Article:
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Every reference to a symbol takes up the same space, so using symbols for hash keys, links, and routes is always much more efficient than using strings as keys.

Like integers, which always have the same object ID in a given program, symbols maintain the same object ID throughout a program. # Strings as hash keys use multiple object IDs, and therefore more memory. patient1 = { 'ruby' => 'red' } patient2 = { 'ruby' => 'programming' } # Notice the two object IDs for the strings 'ruby' are different; they take up separate space in the # program. patient1.eachkey { |key| puts key.objectid.tos } >> 211006 # The object ID for the 'ruby' string key object in patient1 patient2.eachkey { |key| puts key.objectid.tos } >> 203536 # The object ID for the 'ruby' string key object in patient2

Instead, consider the following example using symbols as hashes instead of strings.

	# Symbols used as hash keys use the same object ID every time they're referenced in the program.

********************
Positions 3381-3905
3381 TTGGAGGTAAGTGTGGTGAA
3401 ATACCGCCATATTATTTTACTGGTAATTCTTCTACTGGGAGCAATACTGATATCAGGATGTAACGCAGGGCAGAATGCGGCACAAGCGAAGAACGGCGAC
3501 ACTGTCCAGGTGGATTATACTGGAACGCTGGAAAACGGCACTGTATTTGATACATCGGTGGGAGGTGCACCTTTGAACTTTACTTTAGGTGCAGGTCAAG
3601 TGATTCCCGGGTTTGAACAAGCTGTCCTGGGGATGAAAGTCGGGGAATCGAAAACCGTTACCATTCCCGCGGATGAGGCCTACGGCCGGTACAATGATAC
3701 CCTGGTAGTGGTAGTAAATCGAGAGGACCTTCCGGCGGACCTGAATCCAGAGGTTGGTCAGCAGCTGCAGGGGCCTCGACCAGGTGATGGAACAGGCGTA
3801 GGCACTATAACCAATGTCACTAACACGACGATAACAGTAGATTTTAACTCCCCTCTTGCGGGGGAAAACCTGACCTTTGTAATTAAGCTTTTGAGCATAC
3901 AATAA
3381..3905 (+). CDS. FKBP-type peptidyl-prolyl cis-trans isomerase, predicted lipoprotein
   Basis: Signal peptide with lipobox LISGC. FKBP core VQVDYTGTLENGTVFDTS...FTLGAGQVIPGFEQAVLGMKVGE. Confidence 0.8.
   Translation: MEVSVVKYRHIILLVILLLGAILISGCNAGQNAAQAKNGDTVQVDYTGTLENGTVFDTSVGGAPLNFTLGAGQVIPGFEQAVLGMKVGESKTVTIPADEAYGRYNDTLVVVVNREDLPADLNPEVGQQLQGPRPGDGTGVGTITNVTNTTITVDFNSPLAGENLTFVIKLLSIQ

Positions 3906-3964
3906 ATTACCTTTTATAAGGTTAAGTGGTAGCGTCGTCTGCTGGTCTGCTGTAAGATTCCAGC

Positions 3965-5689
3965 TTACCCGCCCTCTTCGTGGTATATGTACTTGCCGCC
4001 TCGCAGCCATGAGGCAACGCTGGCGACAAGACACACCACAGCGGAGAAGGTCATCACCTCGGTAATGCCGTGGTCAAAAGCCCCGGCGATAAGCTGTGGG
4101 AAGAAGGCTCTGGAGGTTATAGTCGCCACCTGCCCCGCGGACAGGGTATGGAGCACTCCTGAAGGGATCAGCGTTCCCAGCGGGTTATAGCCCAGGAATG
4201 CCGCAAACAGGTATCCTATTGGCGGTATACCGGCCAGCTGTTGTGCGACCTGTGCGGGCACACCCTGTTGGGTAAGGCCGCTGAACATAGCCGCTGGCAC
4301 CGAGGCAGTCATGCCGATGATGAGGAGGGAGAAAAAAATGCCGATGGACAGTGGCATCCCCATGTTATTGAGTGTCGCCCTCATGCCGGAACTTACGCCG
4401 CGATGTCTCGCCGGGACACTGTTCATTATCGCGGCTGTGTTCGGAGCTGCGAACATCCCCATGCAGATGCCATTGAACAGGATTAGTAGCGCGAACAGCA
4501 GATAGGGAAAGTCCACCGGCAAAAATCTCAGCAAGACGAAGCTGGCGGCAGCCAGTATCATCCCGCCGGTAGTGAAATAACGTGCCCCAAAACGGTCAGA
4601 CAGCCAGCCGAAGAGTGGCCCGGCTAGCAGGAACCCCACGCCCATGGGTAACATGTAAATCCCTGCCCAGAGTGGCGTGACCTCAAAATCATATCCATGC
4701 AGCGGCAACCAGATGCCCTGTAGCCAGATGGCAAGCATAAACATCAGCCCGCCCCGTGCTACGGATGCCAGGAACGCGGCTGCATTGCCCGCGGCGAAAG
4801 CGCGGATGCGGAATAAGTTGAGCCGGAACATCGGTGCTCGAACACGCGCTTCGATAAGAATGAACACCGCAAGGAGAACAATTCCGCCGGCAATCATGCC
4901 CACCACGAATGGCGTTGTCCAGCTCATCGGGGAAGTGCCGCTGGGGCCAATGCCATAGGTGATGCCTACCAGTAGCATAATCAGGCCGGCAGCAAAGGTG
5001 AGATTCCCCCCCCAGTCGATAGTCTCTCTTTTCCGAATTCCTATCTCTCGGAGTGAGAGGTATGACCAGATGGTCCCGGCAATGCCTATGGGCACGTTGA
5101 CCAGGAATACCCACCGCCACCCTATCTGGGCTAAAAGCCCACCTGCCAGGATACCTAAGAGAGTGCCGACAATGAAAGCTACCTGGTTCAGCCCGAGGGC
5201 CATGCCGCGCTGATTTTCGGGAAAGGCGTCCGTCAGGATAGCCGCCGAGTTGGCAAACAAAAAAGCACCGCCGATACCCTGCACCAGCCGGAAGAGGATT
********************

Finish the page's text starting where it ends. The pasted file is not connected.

patient1 = { ruby: 'red' }
	patient2 = { ruby: 'programming' }
	# Notice the object IDs are the same.
	patient1.each_key { |key| puts key.object_id.to_s }
	>> 3918094
	patient2.each_key { |key| puts key.object_id.to_s }
	>> 3918094

Ruby assigns unique values to symbols for you (the object IDs), which are maintained throughout each reference in the program. They are immutable (incapable of being changed), and are therefore true constants. Hash keys should be immutable, which is another good reason not to use strings as hash keys.

1.9 Key: Value Syntax

	# 1.8 and below:
	old_section = { 'oboe' => 'woodwind', 'cello' = > 'string', 'drum' => 'percussion' }
	# 1.9 and above:
	section = {
		oboe: 'woodwind',
		cello: 'string',
		drum: 'percussion'